Geocoding - What is it and how do I do it?
Thursday, August 15, 2013 from 1:30 PM to 4:30 PM (PDT)
San Francisco, California
London, United Kingdom
Do you have a table with addresses that need to be geolocated? We have the workshop for you!
Address geocoding, while hugely important for a number of research projects, can be fraught with stumbling blocks. Among those are the characteristics and format of addresses, different tools, constantly changing limitations on geocoding services, and questions of quality of the results.
In this workshop we will introduce you to the basics of geocoding. We will demonstrate different ways of performing geocoding and extensively discuss the pros and cons of the different approaches.
This is a hands-on workshop and we will provide the sample data and workstations for you to follow along. You should have some basic knowledge of ArGIS. Familiarity with some scripting (like Python or R) is helpful, but not required.
Students, researchers, faculty and scientists who regularly work with geospatial data are encouraged to attend this workshop. You will gain hands-on introductory experience with many geocoding packages and services available to you at Stanford and beyond.
Check out our workshop page! http://bit.ly/sugeocode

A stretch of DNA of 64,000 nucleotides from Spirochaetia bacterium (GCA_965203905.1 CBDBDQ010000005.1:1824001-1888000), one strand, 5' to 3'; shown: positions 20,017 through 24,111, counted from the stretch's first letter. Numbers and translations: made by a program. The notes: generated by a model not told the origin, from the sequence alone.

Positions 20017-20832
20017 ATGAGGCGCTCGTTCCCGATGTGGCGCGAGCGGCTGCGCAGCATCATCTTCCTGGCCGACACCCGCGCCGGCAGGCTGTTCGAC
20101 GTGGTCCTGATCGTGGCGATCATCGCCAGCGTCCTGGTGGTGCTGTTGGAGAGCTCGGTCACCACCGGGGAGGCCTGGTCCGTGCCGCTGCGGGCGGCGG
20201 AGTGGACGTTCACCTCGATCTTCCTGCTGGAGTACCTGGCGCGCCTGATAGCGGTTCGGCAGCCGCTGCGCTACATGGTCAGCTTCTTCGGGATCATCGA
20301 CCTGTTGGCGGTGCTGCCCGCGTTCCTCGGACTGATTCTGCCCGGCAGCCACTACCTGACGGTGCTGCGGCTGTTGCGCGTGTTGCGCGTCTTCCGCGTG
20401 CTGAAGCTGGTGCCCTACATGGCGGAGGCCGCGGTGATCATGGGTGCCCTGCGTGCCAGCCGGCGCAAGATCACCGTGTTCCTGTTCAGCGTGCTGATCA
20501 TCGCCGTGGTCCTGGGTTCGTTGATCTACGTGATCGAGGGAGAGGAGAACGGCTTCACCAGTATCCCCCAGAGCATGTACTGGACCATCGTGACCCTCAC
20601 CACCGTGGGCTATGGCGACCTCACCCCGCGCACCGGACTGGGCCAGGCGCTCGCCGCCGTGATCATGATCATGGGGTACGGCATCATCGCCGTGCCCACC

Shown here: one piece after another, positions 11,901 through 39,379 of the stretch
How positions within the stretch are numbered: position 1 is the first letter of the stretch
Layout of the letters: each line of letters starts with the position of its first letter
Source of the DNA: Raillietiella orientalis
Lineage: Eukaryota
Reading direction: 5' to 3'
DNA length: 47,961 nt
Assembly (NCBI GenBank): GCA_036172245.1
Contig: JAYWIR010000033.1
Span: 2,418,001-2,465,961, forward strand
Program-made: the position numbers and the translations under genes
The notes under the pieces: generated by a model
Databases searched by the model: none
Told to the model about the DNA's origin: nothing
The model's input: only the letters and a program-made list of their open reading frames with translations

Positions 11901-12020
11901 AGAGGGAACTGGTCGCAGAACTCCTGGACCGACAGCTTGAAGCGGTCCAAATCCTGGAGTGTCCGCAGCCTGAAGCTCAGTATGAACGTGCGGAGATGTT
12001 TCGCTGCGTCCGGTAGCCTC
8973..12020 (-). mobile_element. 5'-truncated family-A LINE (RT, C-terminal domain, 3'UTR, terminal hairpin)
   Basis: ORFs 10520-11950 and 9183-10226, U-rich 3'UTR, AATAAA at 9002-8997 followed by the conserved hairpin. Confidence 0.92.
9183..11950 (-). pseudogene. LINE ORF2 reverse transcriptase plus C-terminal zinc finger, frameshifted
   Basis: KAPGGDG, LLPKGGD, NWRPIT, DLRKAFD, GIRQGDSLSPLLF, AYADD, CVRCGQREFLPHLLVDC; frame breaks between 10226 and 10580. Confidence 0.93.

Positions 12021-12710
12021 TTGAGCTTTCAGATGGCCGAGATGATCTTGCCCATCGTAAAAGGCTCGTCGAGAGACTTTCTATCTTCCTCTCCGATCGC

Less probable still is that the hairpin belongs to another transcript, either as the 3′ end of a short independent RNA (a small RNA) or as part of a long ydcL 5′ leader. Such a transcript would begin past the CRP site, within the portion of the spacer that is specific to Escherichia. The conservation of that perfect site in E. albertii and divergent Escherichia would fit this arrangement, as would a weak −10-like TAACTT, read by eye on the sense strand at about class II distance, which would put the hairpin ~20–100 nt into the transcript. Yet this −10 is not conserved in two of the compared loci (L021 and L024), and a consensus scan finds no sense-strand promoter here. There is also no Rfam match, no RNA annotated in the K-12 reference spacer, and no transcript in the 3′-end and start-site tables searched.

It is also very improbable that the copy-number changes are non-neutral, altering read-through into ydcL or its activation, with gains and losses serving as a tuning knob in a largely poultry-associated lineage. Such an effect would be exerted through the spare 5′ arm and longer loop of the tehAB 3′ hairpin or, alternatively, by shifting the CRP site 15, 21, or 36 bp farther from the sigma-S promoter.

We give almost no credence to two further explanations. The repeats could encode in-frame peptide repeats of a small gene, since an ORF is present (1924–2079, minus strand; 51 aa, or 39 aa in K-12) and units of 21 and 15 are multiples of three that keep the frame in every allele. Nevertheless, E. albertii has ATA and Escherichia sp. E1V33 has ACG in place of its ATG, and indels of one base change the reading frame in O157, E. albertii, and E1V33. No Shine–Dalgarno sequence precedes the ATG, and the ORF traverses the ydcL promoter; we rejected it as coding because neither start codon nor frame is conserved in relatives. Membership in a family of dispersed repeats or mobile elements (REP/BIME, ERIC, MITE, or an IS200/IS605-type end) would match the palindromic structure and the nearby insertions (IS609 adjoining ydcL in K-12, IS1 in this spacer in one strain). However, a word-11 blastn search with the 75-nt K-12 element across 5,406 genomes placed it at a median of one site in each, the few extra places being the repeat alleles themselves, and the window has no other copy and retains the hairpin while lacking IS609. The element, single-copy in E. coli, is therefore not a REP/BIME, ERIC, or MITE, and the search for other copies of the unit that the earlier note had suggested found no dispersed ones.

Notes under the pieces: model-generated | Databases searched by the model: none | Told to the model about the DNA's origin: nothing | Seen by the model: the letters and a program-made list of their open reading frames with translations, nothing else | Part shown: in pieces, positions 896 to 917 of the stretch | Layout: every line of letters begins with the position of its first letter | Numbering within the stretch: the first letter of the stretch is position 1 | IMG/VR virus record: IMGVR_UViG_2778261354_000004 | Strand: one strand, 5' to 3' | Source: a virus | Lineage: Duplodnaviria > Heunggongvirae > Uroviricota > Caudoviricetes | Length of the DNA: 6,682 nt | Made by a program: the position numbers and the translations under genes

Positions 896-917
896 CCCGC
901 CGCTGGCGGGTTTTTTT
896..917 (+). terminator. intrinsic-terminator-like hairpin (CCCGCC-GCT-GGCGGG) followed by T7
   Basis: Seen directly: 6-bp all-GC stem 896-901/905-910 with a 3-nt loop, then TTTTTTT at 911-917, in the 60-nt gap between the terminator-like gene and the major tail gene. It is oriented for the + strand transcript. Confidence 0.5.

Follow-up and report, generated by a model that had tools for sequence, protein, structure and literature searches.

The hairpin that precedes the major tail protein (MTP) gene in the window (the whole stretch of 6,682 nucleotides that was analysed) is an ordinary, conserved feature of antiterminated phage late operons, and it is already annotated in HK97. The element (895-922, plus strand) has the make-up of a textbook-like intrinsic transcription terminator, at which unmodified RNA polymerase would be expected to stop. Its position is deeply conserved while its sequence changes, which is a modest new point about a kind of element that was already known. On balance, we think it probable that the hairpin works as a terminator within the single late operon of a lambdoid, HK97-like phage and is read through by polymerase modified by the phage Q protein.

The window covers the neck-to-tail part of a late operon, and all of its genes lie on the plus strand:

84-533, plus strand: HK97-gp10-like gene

1. Introduction to Geocoding
2. Basic Geocoding: Using Out-of-the-box Tools
- Google Earth Pro
- Fusion Tables
- Basic geocoding in ArcGIS
- Preparing your data
- Standardize Addresses
- Selection of Address Locator
- Geocoding addresses
- Rematching addresses
- Geocoding places
- Composite geocoding
- Geocoding intersections & spatial locators
3. Intermediate Geocoding: Basic scripting using APIs
- Basic Structure of a Script
- Using StreetMap Services in ArcGIS with Python
- Using Google Geocoding API with R
- Using Google Geocoding API with Python
- Using Open Street Map API
4. Web-based services (BatchGeo. com)
5. Resources and Discussion
- Comparison of Services
- Useful links
When & Where
Department of Anthropology and Stanford Geospatial Center
Stanford Geospatial Center
The Stanford Geospatial Center is housed in the Branner Earth Sciences Library and its mission is to support the Stanford community on geospatial technologies.
Department of Anthropology
Claudia Engel is an Academic Technolgy Specialist with the Stanford Libraries and Lecturer at the Department of Anthropology. She also serves as a Manager of the Academic Technology Specialist Program and the Co-director of the Stanford Sea Island Fieldschool. Claudia holds a doctorate degree in Anthropology. Her work centers around the innovative potential of new technologies for teaching and research and she has been involved in numerous projects alongside Stanford faculty with a focus on mobile technologies, spatial analysis, and GIS.